I've also noticed that everything is a "Modern UI" notification now. On Windows 8 / 8.1 legacy programs that were not updated to use the new stuff in 8 displayed balloon notifications back in ye old Windows XP days. Looks like everything is now a Modern UI notification (picture below if you don't know what this looks like).

I haven't found the alleged "Notification Button" that's supposed to be in this build. I'll keep looking for that (supposed to be a standard notification center like in KDE, Mac OS X, Android, etc).

New notification image (Since Windows 8): Link

EDIT: I was wrong on the notification center. That's not quite ready yet although it's scheduled to be in Windows 10.

[Edited by Neo7, 10/11/2014 8:18:14 PM]

0x90  posted on Oct 12, 2014 3:00:22 AM - Report post

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These notification messages have been added on Windows 8. Most of the system is still Windows 8 so I'm wondering if people will call it 'the next big thing' like Microsoft does although its just a small improvement.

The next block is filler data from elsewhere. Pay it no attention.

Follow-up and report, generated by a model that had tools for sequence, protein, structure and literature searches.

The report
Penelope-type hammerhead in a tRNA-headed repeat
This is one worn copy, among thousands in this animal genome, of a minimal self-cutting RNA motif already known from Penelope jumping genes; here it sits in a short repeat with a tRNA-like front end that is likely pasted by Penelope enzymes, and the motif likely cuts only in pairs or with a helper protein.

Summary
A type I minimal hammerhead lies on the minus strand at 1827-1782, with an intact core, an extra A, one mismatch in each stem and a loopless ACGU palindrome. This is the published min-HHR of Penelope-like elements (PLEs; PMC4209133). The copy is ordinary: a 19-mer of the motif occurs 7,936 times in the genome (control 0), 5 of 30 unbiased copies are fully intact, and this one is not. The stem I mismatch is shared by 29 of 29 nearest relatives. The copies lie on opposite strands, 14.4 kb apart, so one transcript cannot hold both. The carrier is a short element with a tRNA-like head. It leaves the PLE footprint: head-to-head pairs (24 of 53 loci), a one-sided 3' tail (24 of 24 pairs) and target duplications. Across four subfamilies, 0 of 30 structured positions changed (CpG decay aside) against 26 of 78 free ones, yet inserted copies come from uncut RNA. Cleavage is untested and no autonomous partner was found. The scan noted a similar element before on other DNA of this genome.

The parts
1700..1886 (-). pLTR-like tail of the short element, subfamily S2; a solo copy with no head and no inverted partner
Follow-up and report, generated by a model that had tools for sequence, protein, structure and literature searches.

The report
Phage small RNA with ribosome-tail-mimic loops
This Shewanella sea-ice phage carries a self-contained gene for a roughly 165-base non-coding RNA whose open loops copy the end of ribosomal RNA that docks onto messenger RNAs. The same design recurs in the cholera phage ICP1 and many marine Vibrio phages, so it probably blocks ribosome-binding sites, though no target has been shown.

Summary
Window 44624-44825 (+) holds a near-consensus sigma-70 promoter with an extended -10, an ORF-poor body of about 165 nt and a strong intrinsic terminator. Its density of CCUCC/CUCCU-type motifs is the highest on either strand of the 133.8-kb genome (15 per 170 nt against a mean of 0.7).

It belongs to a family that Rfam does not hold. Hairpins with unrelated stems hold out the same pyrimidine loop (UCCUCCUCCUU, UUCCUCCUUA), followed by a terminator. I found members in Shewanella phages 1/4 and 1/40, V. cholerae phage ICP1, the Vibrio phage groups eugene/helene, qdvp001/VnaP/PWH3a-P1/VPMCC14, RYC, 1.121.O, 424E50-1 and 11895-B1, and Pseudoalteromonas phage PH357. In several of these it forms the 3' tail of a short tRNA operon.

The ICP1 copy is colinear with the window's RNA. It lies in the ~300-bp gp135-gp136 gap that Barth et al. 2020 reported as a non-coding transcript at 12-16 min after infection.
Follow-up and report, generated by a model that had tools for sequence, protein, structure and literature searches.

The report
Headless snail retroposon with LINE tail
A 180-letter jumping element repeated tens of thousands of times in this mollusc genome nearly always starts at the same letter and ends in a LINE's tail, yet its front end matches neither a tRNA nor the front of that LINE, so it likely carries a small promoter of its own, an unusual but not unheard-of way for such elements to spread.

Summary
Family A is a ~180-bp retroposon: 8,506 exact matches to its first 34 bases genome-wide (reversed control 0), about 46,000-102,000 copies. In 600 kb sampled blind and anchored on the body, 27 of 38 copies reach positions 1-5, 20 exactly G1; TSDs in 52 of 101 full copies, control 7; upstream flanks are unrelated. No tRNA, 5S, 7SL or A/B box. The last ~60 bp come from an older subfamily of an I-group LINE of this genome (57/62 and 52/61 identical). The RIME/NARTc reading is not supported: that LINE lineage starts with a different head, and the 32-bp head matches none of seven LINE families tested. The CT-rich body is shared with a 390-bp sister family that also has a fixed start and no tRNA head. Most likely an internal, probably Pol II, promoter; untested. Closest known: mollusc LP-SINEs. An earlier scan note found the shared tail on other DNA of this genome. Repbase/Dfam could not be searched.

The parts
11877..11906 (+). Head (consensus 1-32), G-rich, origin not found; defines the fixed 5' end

However some announced things haven't been added yet or cannot be tested like the instant updates and the mysterious security mechanism they claim to be added to protect business customers.

KingEli  posted on Oct 12, 2014 2:33:55 PM - Report post

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I dont have any positive or negative opinion on the notification system which was introduced in Win 8 but the thing is I really disliked the whole interface in general which imo is very uncomfortable and very unpleasant looking with all those basic colors.
It sucks to see that Microsoft continued the same pattern with Win 10 and the start menu doesnt improve it either.

About FF I think it's probably a freak accident between the two and only because I had past exp with FF conflicting with Nvidia driver and causing tdr's when idle, now that was a real freak show..